How Steve thought differently…

Getting the work done

Andy Inathko’s CWOB recently posted a piece about his experiences at his local Apple Store, and all I can say is that the store training must be very good, because my recent trip was scarily similar.

Having purchased a shiny new iPhone 4 after my 3GS contract came to it’s end, I started to experience a dodgy home button.

Every now and again the home button didn’t work. I ignored it, but after it had gotten so bad that I had to hard-restart the phone, I took the problem more seriously. After a trip to www.apple.com/support, various workarounds were:

1) Pressing it really hard (not a good idea)

2) Blowing on it (it worked sometimes)

3) Plugging in the connector (that seemed to work almost every time)

But after the phone was about a month old, with the problem getting worse, I decided to visit the place I bought it – The Carphone Warehouse.

I entered the store and waited for nearly an hour, whilst the 4-5 people in front of me each in turn sat down at the 2 desks available, and each salesperson in turn, sold them a phone.

And a maintenance contract. And a phone cover. And a broadband service. And a maintenance cover for their phone cover and ther broadband service.

I finally sat down and they grunted at me that they would only swap it out if it was less than a month old. Did I want to pay to send it to their repair service. Did I want phone cover. Did I want a maintenance cover. Did I want broadband.

I did not. I did leave. I did though decide to visit my local Apple Store.

I made an appointment online, a visited the store late one rainy Thursday evening.

The store was packed, and I mean packed. My local store is very small, probably no more than 7 metres wide, by 30-40 metres deep, just about enough room for 2 long tables down either side and a central walkway down to the genius bar at the back.

As I entered I saw a few blue shirts walking around and after chatting, and the blue shirt confirming my appointment on an iPad, I was guided to the genius bar, where I was advised they were running about 20 minutes late.

That was fine, I was in no rush and I played around with Lion on a huge 27″ iMac for a while.

After a few minutes I started to people watch and several things struck me:

1) A very old disabled couple (one in a wheelchair, one with a zimmerframe) were being shown by a very patient blue shirt, a brand new MacBook Air’s Universal Access feature. After they were happy, the blue shirt guided them through the very busy store out to a seat opposite the store where they sat with them for a while until their family came along to collect them.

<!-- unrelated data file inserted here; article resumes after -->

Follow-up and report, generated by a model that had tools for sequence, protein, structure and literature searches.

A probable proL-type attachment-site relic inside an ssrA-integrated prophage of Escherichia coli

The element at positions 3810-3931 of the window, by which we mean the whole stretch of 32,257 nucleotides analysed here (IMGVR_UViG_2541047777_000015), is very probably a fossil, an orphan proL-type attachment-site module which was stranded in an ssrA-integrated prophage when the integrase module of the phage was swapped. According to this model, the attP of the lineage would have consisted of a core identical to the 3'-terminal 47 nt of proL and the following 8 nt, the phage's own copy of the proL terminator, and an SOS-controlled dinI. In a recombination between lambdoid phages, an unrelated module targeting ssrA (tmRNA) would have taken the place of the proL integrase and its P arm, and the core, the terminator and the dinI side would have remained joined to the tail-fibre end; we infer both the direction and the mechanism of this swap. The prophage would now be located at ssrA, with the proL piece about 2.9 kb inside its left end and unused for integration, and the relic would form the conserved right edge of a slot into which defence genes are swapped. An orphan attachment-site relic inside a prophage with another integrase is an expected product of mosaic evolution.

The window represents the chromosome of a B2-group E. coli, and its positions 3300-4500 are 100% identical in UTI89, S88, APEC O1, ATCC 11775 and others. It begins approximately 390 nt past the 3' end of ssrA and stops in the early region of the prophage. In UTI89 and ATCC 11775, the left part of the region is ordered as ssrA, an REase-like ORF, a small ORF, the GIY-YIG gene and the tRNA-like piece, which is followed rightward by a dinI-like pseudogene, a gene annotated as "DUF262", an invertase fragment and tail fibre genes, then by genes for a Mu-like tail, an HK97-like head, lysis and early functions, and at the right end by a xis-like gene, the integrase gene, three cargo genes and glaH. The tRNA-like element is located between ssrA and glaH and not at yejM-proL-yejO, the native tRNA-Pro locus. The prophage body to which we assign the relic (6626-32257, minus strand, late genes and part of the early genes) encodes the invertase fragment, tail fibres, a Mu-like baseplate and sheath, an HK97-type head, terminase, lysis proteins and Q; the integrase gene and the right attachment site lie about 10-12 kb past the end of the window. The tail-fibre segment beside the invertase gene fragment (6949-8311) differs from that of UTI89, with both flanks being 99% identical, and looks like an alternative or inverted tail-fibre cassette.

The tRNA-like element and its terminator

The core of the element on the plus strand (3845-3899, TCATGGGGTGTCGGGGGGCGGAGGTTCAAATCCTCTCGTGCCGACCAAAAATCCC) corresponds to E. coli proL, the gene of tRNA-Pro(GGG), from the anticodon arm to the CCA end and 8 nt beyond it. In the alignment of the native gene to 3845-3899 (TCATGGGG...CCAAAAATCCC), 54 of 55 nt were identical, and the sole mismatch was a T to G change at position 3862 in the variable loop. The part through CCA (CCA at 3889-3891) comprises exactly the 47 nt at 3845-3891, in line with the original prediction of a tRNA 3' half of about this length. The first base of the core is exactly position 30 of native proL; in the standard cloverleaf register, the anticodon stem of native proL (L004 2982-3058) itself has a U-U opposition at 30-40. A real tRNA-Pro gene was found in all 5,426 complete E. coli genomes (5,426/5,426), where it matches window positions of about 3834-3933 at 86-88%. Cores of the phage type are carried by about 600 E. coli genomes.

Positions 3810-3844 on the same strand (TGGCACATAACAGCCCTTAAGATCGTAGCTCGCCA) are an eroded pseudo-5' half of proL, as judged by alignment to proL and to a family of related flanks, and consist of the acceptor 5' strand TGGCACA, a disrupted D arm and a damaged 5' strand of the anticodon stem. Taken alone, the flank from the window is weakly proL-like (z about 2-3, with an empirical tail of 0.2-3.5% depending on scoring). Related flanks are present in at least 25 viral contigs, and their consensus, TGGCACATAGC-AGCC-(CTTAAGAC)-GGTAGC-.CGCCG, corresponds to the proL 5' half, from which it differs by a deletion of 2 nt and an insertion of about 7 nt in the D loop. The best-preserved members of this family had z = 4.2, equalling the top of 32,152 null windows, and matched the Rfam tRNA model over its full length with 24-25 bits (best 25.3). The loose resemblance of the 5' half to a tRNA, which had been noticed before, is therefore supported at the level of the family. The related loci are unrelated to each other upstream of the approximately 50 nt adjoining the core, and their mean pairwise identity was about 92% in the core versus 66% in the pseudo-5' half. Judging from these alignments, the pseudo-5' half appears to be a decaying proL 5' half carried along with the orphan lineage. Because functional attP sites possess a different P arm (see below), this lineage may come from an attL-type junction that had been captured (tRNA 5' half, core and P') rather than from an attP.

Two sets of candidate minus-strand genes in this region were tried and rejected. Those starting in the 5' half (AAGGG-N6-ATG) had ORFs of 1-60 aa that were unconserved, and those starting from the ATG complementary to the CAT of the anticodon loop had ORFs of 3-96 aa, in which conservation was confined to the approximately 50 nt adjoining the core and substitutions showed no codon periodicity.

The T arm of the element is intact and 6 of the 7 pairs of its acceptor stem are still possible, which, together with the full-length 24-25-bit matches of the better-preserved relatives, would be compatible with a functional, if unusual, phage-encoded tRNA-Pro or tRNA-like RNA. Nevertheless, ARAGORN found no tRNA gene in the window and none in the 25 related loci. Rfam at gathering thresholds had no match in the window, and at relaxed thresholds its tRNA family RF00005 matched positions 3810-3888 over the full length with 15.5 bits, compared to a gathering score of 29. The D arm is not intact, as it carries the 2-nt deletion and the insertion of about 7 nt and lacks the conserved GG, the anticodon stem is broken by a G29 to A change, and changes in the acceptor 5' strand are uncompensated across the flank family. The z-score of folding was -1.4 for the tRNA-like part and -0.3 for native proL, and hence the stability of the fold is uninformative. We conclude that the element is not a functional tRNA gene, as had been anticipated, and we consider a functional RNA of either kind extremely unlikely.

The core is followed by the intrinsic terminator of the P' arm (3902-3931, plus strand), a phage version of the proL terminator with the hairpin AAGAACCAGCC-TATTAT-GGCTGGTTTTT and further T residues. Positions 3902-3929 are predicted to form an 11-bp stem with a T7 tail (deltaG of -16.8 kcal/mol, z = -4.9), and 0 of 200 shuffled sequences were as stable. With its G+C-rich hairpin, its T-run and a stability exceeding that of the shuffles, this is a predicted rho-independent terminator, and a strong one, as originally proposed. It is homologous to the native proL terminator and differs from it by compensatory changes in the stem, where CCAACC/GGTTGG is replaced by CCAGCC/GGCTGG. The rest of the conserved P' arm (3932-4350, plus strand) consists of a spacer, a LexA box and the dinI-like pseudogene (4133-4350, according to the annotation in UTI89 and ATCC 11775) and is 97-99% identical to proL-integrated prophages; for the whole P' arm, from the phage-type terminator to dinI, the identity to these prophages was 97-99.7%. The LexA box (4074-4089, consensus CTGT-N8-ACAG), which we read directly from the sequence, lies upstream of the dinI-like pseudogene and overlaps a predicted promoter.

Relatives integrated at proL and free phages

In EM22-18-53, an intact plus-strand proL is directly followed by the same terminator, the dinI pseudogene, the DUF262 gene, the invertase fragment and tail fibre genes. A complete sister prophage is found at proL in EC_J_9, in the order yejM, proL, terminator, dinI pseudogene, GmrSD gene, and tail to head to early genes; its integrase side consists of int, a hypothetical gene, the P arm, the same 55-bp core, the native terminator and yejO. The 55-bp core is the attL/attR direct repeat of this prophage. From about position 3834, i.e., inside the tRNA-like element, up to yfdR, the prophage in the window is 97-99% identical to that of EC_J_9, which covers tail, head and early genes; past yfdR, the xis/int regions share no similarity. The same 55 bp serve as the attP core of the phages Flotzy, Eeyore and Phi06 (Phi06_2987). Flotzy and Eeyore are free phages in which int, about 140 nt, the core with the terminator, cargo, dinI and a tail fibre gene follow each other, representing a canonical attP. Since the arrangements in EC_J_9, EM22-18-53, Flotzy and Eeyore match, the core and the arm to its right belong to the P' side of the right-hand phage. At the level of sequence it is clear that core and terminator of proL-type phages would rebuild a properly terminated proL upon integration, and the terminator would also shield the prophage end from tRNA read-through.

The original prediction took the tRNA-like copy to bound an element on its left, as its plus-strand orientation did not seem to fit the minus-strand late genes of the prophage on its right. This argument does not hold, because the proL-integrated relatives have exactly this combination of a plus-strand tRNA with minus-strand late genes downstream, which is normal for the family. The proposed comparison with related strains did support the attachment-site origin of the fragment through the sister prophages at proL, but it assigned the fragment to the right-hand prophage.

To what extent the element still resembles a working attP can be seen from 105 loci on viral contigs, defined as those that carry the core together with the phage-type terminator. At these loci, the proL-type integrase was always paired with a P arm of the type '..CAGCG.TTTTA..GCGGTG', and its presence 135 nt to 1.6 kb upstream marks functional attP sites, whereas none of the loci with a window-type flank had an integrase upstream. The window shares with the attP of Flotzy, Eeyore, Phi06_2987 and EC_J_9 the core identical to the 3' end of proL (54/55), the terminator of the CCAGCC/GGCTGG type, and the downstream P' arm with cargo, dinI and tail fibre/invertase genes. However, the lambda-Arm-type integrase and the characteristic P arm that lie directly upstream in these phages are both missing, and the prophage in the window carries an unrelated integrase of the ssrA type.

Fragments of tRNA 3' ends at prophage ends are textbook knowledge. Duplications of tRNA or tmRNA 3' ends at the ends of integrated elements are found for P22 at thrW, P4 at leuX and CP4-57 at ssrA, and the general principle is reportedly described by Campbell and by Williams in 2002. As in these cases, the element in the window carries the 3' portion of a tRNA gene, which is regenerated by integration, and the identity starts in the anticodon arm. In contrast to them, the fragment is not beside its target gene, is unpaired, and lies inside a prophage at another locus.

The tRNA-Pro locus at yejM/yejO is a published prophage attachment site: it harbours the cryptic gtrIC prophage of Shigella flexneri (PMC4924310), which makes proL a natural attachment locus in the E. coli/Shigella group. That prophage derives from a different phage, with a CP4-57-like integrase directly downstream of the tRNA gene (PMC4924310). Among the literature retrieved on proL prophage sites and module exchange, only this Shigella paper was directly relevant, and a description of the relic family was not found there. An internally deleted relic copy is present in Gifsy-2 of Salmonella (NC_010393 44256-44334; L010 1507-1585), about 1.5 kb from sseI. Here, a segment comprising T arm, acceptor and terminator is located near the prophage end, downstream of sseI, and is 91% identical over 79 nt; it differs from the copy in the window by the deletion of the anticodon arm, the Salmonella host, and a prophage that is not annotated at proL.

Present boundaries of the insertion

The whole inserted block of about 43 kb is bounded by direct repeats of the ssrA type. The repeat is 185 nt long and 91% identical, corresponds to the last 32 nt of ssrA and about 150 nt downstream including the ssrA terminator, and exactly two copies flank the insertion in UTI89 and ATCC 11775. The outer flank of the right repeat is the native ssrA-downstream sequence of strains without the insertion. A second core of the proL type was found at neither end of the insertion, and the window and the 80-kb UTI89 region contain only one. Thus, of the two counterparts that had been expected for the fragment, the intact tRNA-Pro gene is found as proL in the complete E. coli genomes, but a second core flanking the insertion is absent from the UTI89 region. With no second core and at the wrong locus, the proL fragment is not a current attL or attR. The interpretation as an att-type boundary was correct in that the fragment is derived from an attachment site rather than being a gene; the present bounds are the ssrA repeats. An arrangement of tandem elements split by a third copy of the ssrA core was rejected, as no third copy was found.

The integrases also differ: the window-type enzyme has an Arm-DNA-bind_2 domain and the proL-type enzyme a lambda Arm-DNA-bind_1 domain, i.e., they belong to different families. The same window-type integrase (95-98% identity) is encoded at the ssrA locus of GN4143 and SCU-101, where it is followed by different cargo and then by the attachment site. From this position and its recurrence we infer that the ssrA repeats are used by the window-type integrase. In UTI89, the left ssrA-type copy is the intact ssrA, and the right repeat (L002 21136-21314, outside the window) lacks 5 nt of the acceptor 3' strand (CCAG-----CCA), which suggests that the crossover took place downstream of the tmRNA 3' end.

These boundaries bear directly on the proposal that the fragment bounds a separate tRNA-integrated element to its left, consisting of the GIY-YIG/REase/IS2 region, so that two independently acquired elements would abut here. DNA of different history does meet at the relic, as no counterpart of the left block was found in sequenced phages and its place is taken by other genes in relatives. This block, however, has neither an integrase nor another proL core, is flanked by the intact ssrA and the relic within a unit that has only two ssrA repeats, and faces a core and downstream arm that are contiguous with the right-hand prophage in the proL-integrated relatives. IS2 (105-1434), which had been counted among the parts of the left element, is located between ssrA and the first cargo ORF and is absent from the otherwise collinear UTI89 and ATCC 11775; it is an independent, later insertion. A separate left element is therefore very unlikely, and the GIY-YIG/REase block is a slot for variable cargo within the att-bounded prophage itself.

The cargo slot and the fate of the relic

2) 2 teenage girls came along with their mother with a battered old 3GS that had quite clearly gotten wet (it had rust for goodness sake). They walked away with a brand new iPhone, giggiling insanely.

3) A girl came with a MacBookPro that was extremely hot, and kept shutting down. They identified her issue was a keyboard cover that had got moisture behind it. She walked out with a new MacBookPro (she had AppleCare).

It was then my turn. I explained my problem, but when they blue shirt tested it, he couldn’t repeat the issue (it was intermittent). He swapped it for a brand new iPhone, no questions asked.

Whilst I was there, the store never emptied of smiling happy people, playing with the Mac’s, and seeing what they could do with them.

I left the store a happy customer, and I suppose the other 1000’s of customers that visited that rainy Thursday did too.

The iMac I am now typing this article on has just turned one years old and I have spent the money to buy Applecare.

I hopt I don’t have to use it, but in someways I do, because I want that experience again, and I know I’ll get it.

What Steve did with the Apple Stores doesn’t seem that difficult does it? He just put the customer first. He made the whole experience a good one. No scratch that – an awesome one.

I’ve explained the experience I’ve had to various PC-types, and bar none – they don’t believe me.

It seems that places like The Carphone Warehouse have convinced the buying public that putting the customer last and extracting as much money out of them as possible is  the norm.

And people wonder why Apple is the most valuable company on planet earth.

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